The attacker sitting in the middle of the conversation intercepts this initial request and simply forwards it to the web server without changing the content of the message.
The web server responds back to the user to make a secure HTTPS request rather than the insecure HTTP request. The response that the web server makes for this purpose is known as an HTTPS redirect message. In our example scenario, the server sends an HTTPS redirect message (301 Moved Permanently), such as https://cybersophia.net.
At this point, the attacker intercepts the HTTPS redirect message made by the server and prevents it from reaching to the user. Instead, the attacker impersonates the user and makes an HTTPS GET request as demanded by the web server. According to our example scenario, an HTTPS GET request, such as https://cybersophia.net is sent to the web server.
Thinking that the HTTPS GET request is coming from the user, the web server sends back an HTTPS 200 OK message to confirm the establishment of a secure HTTPS connection between the user and the web server.
The attacker again captures this confirmation message (200 OK) for the establishment of a secure channel between the user and the web server. This time, the attacker removes the security layer (SSL/TLS) on the message and forwards it back to the user. As a result, a secure HTTPS connection is established only between the attacker and the web server while an insecure HTTP connection is maintained between the user and the attacker.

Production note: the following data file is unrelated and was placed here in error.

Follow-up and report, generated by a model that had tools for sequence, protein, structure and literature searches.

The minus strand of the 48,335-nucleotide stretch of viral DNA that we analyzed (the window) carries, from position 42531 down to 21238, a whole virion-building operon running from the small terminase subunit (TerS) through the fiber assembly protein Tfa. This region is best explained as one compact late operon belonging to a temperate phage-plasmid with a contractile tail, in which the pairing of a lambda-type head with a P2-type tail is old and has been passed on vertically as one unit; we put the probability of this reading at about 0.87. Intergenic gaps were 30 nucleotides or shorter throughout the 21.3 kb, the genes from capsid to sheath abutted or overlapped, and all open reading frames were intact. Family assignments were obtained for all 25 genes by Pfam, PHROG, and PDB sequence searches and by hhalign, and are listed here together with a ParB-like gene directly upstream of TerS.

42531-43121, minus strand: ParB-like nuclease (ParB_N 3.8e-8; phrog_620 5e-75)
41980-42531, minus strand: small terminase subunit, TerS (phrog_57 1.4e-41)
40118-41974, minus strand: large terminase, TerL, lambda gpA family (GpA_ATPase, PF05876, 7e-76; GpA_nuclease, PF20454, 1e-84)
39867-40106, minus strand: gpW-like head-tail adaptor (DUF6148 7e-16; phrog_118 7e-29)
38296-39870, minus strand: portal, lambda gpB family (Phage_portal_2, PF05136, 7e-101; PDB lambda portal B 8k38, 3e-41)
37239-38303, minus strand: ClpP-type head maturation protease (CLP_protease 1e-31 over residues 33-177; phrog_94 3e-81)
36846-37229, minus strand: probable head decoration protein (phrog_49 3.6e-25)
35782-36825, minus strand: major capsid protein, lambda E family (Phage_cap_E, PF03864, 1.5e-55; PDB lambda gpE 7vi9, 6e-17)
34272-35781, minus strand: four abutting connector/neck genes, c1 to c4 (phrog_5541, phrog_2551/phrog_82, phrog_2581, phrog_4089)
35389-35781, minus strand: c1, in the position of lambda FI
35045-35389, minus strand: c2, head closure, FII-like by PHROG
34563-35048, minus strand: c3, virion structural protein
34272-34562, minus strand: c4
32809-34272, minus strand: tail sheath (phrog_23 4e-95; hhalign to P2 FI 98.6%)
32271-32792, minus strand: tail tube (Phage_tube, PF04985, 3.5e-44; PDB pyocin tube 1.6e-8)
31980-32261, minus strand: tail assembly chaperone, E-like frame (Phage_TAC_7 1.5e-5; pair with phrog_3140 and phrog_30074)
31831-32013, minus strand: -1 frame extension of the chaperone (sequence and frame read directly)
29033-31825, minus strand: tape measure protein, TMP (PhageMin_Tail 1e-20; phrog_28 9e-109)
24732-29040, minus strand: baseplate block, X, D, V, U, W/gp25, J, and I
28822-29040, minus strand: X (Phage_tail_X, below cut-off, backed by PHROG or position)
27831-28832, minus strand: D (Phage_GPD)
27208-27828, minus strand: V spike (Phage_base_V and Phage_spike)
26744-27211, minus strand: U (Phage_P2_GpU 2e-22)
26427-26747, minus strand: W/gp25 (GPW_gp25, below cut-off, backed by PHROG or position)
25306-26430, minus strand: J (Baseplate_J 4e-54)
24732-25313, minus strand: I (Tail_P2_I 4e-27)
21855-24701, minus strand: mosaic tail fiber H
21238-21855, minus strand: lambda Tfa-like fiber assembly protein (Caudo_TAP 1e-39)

The unsuspecting user receives the HTTP 200 OK message sent by the attacker, thinking that the HTTP GET request made at Stage 1 has been confirmed by the web server.
For the rest of the communication between the user and the web server, the attacker can effectively intercept, read or manipulate everything being communicated, without any indication to the user or the web server.
The SSL stripping attack stages described above is illustrated with an example scenario in Figure 1.
Evaluation of the SSL Stripping Attack
As can be inferred from the explanations made above, this attack can not be used to downgrade any HTTPS connection. Rather, there are some conditions that must hold true to allow an attacker to conduct this attack successfully.
- First, the web server must support both HTTP & HTTPS protocols.
- For the second and the essential requirement, the user must initiate the web connection request with HTTP protocol, rather than the HTTPS. Actually, hackers take advantage of this opportunity window to start the attack.